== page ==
The Galeton Masons have donated the building they called home for nearly 100 years to the borough.

“The building was costing us more than we were bringing in,” said Mike Mathis, acting lodge master. “It didn’t leave us very much to give back to the community, which is our purpose.”

Mathis said dwindling membership, deaths of active members and not being able to raise funds this year due to COVID-19 led to the decision to merge with the Ulysses Masons.

“It’ll work out better for both of us, so now we’ll have money to give to the youth in both towns,” he said.

According to Mathis, the Free and Accepted Masons Lodge #602 in Galeton was first inducted in 1894. The club met at members’ homes and local establishments before Dr. James Hurd donated his building on Main Street in 1921. Mathis said that building burnt down in 1977 but was rebuilt around 1985.

Since the group merged and no longer needed a meeting space in Galeton, they explored options for the building at 24 W. Main Street. Mathis said they were able to donate the building since it’s owned by the Acacia Club, a bookkeeping and real estate-holding organization for Masons lodges that aren’t owned by the Grand Lodge of Pennsylvania in Philadelphia.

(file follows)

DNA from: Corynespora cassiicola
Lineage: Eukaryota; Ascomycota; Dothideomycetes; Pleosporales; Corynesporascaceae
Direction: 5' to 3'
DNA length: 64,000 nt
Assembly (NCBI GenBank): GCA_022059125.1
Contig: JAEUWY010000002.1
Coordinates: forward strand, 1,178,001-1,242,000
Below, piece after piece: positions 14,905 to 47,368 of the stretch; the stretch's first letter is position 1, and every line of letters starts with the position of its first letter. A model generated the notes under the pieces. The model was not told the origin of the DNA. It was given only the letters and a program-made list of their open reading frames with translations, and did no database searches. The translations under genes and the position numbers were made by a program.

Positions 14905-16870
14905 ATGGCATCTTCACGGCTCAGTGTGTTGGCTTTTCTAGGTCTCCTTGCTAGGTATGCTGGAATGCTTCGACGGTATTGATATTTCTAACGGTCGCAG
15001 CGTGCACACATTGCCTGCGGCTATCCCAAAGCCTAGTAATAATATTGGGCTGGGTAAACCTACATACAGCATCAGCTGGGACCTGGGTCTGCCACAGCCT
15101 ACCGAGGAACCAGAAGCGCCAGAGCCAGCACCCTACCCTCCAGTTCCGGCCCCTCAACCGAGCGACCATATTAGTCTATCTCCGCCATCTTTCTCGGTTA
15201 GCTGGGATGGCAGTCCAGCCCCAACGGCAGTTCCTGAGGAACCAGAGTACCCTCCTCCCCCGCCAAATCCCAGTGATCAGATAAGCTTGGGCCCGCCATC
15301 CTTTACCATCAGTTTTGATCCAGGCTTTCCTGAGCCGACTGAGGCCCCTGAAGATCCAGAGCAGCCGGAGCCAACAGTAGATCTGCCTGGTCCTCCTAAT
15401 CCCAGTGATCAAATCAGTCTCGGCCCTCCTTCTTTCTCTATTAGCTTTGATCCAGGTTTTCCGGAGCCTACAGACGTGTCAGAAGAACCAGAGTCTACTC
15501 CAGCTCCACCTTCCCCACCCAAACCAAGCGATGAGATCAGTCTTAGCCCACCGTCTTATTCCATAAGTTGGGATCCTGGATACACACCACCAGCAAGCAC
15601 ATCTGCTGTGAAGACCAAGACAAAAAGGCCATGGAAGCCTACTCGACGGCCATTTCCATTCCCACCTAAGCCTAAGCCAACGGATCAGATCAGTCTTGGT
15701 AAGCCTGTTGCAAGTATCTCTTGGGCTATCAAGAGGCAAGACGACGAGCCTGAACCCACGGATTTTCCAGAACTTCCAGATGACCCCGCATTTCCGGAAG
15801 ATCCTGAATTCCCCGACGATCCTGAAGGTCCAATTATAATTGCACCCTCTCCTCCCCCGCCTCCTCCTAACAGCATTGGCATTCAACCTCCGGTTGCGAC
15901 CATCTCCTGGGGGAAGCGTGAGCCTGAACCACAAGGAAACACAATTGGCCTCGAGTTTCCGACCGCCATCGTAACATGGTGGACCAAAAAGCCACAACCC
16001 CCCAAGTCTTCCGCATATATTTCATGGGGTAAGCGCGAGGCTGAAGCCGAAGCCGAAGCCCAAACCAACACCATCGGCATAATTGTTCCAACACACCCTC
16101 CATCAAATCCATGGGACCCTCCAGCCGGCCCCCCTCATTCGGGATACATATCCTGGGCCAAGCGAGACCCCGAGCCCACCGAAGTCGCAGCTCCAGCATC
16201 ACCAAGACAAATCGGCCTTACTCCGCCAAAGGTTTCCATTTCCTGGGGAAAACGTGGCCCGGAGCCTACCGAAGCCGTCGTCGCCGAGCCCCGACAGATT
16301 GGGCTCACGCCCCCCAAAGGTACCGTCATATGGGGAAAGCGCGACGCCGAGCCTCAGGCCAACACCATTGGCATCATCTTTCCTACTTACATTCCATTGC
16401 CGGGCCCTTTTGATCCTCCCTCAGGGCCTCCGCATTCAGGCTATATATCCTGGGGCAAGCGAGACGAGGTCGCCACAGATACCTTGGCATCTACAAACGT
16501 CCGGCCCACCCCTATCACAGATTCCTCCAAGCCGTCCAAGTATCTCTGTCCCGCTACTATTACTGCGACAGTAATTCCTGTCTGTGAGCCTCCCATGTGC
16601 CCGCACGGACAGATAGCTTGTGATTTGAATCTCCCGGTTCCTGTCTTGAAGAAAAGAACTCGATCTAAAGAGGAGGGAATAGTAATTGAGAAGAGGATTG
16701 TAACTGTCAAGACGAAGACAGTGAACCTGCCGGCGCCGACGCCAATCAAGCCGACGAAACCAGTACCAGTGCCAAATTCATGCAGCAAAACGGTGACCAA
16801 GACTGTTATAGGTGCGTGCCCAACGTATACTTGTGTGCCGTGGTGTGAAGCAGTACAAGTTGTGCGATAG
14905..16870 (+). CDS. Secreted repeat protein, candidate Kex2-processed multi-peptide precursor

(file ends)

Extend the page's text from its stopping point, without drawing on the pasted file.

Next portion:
“The Grand Lodge helped finance a lot of the early Mason lodges to get started, and you still see a lot of those old stone Masonic buildings around,” said Mathis. “Those are still owned by the Grand Lodge, and they would take the building back over if it’s no longer needed.”

Mathis said Ulysses’ chapter also has an Acacia Club, to which Masons pay “rent” to cover utilities and building expenses. Each member of the Masons is an automatic member of the associated Acacia Club.

Mathis said the donation of the building in Galeton will benefit both the borough and its residents, and that borough council has some ideas for it, but nothing is set in stone.

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